Our constructive influence in the world

Even in moments of utter solitude—whether wasted in apathetic idleness or invested in prayer—each of us contributes an influence to world thought. Shouldn't we strive at all times to be an influence for good, to encourage genuine progress for all? The teachings of our shining Exemplar, Christ Jesus, enable us to discern in what direction enduring progress lies. His practice bids us to watch for Truth's appearing and to defend ourselves against whatever would claim to divert or deter the spiritual quickening this brings.

In Judea two thousand years ago, civil law and government were enforced through pagan domination. Terrorism and brutal oppression seemed normal. The sensual way of life was prestigious, making materiality seem not only attractive but authoritative. While the Judaic religious leadership demanded formal obedience to the moral code derived from Scripture, their influence often preyed on fear of punishment. It was not wholly spiritual and to that extent was corrupt. Jesus, however, so fully exemplified the Christ, the divine influence in human consciousness, that he was impervious to these false influences that would, if they could, have put an end to his mission. He rose in resurrection above the crucifixion perpetrated by these crass and cruel influences. The result was, as Mary Baker Eddy comments in Science and Health with Key to the Scriptures, "Those who slew him to stay his influence perpetuated and extended it." Science and Health, p. 43.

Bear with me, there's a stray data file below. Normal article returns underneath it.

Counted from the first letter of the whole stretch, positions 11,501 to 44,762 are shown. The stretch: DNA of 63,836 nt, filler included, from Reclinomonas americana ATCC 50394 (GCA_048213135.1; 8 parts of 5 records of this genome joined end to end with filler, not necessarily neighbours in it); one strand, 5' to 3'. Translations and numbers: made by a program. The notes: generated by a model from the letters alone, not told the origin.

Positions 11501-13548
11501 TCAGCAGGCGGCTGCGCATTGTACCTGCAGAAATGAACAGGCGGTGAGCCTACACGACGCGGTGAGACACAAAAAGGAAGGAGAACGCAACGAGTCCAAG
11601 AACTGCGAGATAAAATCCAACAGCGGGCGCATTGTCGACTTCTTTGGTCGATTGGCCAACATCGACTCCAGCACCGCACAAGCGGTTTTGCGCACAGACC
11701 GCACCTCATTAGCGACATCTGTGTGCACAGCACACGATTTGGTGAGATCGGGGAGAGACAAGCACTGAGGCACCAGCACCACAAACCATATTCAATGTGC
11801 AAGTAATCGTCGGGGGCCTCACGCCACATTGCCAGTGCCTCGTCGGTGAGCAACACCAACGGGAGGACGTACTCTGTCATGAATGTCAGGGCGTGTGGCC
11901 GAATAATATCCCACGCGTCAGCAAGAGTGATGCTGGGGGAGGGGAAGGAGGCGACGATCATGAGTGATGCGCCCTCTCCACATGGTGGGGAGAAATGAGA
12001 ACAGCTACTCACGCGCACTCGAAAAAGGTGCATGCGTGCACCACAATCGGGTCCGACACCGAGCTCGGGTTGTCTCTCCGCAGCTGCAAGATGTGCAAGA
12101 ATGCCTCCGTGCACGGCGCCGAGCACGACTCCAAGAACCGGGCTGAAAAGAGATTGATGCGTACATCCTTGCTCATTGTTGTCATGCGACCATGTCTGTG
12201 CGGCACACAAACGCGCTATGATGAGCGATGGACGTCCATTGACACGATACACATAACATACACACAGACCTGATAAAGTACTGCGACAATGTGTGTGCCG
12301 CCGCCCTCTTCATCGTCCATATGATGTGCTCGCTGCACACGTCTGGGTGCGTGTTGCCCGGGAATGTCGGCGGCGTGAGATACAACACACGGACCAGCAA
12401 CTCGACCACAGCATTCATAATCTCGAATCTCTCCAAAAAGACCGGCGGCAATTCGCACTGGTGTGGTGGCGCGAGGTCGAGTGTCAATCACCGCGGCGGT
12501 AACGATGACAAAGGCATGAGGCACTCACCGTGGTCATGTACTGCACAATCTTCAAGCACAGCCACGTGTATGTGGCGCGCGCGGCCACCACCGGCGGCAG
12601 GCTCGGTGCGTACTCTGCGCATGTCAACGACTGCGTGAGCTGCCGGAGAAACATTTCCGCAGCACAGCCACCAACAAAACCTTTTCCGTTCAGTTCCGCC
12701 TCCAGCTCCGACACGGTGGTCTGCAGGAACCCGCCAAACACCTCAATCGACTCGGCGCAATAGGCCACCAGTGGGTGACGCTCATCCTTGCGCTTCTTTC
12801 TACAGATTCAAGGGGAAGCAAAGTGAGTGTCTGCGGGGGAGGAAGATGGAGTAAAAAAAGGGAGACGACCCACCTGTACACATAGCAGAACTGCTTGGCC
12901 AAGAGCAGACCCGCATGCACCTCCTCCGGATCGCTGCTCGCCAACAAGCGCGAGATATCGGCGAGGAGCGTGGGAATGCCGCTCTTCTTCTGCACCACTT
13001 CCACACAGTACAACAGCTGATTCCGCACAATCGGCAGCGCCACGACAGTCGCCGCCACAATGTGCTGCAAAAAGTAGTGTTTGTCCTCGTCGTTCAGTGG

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Editorial
The great events of our time
February 24, 1986
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